Tesla (NASDAQ: TSLA) Crushes Earnings, Blows Past $600

Elon Musk, Dogecoin enthusiast

Tesla (NASDAQ: TSLA) released its Q4 earnings last night, taking nearly everyone – save for the most ardent Tesla bull – by surprise. Earnings per share (EPS) and sales revenue blew away analyst estimates, providing further proof to TSLA shareholders that the electric-vehicle (EV) manufacturer is the “real deal.”

It’s the second quarter in a row that Elon Musk & Co. have surpassed expectations. This time around, Tesla reported an EPS of $2.14 (vs. $1.77 expected) and $7.4 billion in sales (vs. $7 billion expected).

As a result, TSLA soared this morning after gaining 6.8% in pre-market trading. Shares were up 10% on the day just minutes after the market opened.

If those gains stick, the stock will have achieved $600 with ease – a price level many analysts considered impossible just a few months ago.

But now, it’s a reality. TSLA shares are trading well above the $420 price target Musk identified in his “funding secured” tweet from August 2018, in which he considered “taking Tesla private.” At the time, the stock was only worth $343.

Since then, it’s almost doubled.

The journey to $640 (TSLA’s current price per share) wasn’t without its struggles, however. In May of 2019, shareholders had to endure a drop to a three-year low of $176.99 after several quarters of poor earnings.

Shortly after the collapse, analysts piled on, gouging the stock with valuations in the $50-$60 range. From their point of view, Tesla didn’t deserve to be in the same conversation as the major automakers.

After last quarter’s surge, though, the EV-maker’s market value sits higher than Ford ($34.71 billion), General Motors ($47.36 billion), and even Volkswagen ($80 billion) – all of which do far more business than Tesla, which boasts a total market capitalization of $116 billion.

Only Toyota Motor Corp ($229.96 billion) is worth more.

Some analysts were quick to point out that Tesla, from a purely fundamental standpoint, isn’t at all deserving of its inflated market value. It’s a “cult of personality,” they argued, full of “religious investors” that are buying the hype (and probably the cars, too).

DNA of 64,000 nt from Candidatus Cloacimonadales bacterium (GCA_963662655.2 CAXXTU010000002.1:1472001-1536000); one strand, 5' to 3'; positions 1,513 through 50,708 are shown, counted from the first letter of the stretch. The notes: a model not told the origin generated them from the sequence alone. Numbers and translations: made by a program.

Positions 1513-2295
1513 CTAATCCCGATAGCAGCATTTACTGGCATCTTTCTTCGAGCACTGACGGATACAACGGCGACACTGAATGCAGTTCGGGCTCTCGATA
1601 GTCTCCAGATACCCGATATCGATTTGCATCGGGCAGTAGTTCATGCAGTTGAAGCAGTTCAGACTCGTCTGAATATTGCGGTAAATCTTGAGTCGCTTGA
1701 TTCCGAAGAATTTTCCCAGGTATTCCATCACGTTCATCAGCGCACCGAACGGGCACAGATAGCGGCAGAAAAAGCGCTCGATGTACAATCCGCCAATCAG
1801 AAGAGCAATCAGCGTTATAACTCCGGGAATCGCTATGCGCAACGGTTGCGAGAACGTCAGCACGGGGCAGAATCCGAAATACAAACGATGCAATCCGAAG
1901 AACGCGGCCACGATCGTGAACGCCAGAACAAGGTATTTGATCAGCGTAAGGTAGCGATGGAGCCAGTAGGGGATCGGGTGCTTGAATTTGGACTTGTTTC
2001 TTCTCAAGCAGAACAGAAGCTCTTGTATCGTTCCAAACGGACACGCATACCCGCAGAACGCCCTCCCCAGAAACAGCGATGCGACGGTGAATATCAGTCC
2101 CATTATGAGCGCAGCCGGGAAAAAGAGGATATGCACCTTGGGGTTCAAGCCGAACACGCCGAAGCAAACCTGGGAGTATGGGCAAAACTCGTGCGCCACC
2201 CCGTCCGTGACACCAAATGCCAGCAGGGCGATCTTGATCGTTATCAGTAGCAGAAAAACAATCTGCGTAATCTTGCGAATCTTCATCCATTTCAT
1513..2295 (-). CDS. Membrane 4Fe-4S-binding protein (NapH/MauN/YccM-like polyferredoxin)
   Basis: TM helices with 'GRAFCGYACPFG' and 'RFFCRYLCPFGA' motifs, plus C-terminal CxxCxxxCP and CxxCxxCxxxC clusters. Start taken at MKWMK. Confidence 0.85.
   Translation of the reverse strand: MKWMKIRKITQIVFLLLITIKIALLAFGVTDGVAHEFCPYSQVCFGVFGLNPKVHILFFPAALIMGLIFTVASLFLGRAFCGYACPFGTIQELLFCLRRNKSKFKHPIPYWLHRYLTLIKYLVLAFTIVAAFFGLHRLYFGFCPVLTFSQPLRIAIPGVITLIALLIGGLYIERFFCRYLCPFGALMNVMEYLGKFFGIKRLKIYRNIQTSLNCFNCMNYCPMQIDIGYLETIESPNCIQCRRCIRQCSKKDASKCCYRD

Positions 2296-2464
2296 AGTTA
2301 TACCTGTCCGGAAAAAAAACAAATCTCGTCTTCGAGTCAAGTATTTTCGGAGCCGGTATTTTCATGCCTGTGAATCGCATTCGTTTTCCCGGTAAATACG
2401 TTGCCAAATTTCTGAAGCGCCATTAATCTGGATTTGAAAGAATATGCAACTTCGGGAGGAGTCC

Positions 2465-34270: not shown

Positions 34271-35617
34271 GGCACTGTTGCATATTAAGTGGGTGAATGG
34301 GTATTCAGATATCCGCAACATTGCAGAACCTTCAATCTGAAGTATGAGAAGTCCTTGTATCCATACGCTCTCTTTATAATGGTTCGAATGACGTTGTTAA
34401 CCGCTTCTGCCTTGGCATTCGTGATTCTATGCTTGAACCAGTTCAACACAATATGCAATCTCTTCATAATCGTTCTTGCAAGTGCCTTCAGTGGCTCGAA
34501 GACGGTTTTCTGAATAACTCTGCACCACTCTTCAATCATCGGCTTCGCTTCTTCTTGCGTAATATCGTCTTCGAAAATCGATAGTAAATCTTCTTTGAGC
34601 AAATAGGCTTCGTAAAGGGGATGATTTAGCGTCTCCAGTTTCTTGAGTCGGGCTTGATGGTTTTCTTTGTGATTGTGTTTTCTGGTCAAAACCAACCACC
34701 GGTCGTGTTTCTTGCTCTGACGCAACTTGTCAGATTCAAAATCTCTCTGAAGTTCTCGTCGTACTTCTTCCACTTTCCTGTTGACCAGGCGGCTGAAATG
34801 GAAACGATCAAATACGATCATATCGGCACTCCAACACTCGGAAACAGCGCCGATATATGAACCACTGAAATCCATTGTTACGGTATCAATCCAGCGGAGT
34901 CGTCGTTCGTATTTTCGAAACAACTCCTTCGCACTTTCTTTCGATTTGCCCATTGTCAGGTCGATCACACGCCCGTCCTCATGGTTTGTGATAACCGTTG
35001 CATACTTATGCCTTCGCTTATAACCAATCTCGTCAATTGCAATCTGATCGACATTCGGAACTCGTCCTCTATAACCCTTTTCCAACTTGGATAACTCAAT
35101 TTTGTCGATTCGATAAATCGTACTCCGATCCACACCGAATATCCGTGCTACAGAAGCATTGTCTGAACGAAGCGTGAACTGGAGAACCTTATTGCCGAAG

But now that Tesla’s beating quarterly estimates – something the company struggled with for years – shareholders are being rewarded for their loyalty. The stock’s current value doesn’t just represent what Tesla is, but what it will be in the future.

Speculators have already priced-in nearly a decade’s worth of Model 3 sales. That’s what’s sending traditional analysts into a frenzy, while TSLA bulls laugh all the way to the bank.

Shareholders (primarily, their portfolios) have gotten fat on the fruit of Musk’s labor over the last three months. During last night’s earnings call, he threw them another “bone,” claiming that retail investors have “deeper and more accurate insights than many of the larger institutional investors and analysts.”

Of course, Musk’s right. Many prolific “experts” ate copious amounts of crow this morning after Tesla breached $600 per share.

But Bank of America – one of the world’s top financial institutions – refuses to budge from its bearish stance. Company analysts maintain an “underperform” rating for TSLA, with a price target of $350.

Will they be proven correct in the long-run? Maybe, maybe not.

Regardless of what happens, Tesla disciples have made a killing on one of the market’s hottest (if not the hottest) stocks. In many ways, they’ve already “won” the EV war of bulls and bears.

And if Musk can keep his company rolling, they’ll watch their account balances push even higher.

Provided, of course, that shareholders decide to eventually take profits and sell for a gain. If today’s rise is any indication, though, that won’t happen any time soon.

Not until Tesla takes over the world – a foregone conclusion to plenty of young investors, and something worth betting their (potentially early) retirements on.

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